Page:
For teams and drivers of the ADC GT Masters, many racing actions are on the program at the third round of the dune course on the North Sea coast in Zandvoort.
After two wins in the first four races, Michael Ammermüller and Mathieu Jaminet come to the North Sea coast as the front runners. In the neon yellow Porsche 911 GT3 R (6-cylinder boxer engine, approx. 550 hp) of the SSR Performance team, the duo has already achieved a 16 point lead and naturally wants to defend their place at the top of the table.
Porsche works driver Jaminet in particular, is looking forward to the start in Zandvoort: “This is clearly one of my favorite race tracks on the ADAC GT Masters calendar. An old school course, really fast, where you as a driver with the right dose of risk and the right line can make the difference more than anywhere else. ”
One of the big challengers is the Italian-Spanish Lamborghini works driver duo Mirko Bortolotti / Albert Costa Balboa. Two-second places and one pole position have been booked for the Lamborghini Huracán GT3 Evo (V10 naturally aspirated engine, approximately 600 hp) of the GRT Grasser Racing Team. Now the first victory should finally come. Bortolotti only proved how well the Lambo works on the dune circuit with a win in the GT World Challenge in mid-June.
For the first time, the super sports cars and their drivers will be confronted in Zandvoort with the layout modified given the Formula 1 comeback of the traditional racetrack in September. The most striking changes are the two banked curves. Above all, the elevated target entry curve should ensure more overtaking action. Because the drivers now turn into the start and finish straight faster, they achieve a higher top speed. In the more extended braking zone before turn one, you should be able to overtake better out of the slipstream.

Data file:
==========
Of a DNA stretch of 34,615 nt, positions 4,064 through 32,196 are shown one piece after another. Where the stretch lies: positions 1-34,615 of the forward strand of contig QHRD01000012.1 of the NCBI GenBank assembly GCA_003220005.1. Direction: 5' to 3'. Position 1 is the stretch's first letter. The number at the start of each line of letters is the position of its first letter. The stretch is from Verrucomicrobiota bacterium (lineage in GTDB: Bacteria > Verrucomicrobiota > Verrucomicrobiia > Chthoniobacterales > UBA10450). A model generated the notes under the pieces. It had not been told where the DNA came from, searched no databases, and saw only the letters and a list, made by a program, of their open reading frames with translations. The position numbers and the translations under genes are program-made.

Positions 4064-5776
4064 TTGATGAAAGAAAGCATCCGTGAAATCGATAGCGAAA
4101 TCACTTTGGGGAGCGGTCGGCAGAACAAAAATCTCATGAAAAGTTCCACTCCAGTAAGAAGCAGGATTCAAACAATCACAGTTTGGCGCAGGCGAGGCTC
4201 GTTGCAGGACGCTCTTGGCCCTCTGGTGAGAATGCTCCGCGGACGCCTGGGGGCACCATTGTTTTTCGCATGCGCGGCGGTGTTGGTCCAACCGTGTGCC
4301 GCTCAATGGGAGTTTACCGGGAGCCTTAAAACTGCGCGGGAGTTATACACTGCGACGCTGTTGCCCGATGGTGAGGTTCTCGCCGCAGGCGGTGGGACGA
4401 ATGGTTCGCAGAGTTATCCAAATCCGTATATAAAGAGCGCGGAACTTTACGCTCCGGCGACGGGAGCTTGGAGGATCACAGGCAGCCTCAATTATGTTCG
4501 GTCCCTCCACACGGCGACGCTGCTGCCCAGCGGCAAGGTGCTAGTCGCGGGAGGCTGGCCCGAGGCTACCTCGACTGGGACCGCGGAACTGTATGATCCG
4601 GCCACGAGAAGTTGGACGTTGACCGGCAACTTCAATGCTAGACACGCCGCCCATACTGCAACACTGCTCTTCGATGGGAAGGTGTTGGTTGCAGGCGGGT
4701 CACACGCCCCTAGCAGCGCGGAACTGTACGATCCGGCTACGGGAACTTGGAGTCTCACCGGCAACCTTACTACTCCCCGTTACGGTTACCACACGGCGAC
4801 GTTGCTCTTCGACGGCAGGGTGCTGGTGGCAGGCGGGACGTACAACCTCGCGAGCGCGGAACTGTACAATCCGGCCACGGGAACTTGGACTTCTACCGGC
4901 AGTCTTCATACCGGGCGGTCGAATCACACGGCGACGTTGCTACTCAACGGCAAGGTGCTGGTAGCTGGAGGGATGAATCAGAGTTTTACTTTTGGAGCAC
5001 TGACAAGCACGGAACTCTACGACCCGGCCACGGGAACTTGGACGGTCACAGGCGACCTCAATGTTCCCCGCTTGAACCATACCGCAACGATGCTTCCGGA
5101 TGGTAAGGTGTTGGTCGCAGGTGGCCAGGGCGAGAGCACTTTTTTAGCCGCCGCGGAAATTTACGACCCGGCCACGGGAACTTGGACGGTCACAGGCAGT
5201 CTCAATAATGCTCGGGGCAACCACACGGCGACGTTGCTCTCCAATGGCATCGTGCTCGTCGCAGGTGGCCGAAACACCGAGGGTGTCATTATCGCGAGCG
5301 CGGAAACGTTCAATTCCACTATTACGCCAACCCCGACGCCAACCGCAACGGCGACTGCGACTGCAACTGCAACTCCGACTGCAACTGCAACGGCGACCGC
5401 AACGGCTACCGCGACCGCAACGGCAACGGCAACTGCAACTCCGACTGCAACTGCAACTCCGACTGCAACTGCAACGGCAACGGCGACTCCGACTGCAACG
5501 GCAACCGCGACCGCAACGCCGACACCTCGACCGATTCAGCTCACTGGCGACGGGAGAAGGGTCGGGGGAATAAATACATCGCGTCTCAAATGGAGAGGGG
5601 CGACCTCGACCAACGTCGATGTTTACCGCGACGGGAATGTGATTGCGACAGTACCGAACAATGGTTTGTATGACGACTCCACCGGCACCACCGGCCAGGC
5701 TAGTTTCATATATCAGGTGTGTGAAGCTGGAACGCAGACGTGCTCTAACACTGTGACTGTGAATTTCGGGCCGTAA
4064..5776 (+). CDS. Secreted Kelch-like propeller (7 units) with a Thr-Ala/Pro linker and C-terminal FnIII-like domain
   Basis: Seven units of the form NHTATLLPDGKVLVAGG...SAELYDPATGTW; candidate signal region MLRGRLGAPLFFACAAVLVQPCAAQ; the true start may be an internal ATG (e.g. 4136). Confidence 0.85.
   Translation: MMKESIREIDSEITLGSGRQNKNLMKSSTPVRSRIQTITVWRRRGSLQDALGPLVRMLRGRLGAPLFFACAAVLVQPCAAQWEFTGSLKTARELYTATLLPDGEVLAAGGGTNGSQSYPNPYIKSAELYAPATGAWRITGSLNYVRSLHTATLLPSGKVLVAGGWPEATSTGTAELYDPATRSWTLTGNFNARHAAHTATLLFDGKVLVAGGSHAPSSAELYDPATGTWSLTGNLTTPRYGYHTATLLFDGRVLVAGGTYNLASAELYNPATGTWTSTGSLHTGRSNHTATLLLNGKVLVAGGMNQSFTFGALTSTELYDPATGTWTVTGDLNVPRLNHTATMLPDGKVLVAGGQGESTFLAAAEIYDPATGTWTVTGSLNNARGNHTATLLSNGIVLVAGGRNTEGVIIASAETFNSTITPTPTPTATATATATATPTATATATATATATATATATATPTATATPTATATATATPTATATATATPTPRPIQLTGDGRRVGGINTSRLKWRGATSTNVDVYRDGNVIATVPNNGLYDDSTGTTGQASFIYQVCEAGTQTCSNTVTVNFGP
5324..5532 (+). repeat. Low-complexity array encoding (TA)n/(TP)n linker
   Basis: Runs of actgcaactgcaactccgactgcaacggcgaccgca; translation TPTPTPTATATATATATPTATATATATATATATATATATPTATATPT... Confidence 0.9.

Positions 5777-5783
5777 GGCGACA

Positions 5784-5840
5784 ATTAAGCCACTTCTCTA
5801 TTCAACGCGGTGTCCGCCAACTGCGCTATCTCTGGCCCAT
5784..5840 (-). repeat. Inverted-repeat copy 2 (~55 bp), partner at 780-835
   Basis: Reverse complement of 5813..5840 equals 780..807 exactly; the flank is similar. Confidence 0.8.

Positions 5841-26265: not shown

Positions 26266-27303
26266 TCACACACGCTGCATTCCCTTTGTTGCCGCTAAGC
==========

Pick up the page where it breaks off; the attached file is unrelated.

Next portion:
Turn three is now too high. In addition, the banking, which is up to 19 degrees steep (for comparison, Indianapolis, the “mother” of all oval racetracks, has “only” banking of nine degrees), has some height differences in the curve, which should make orientation from the cockpit difficult and easy to find the racing line complicated. However, the pilots should avoid slips here because instead of a run-off zone, a concrete wall is waiting to limit the outer curve …
As if that weren’t enough challenges, the new parts of the track logically have asphalt as smooth as a child’s bottom. In the entire middle section of the route, the driver and equipment are still shaken vigorously by the bumps typical of Zandvoort. Only those who find the perfect compromise in the vote have a chance of success.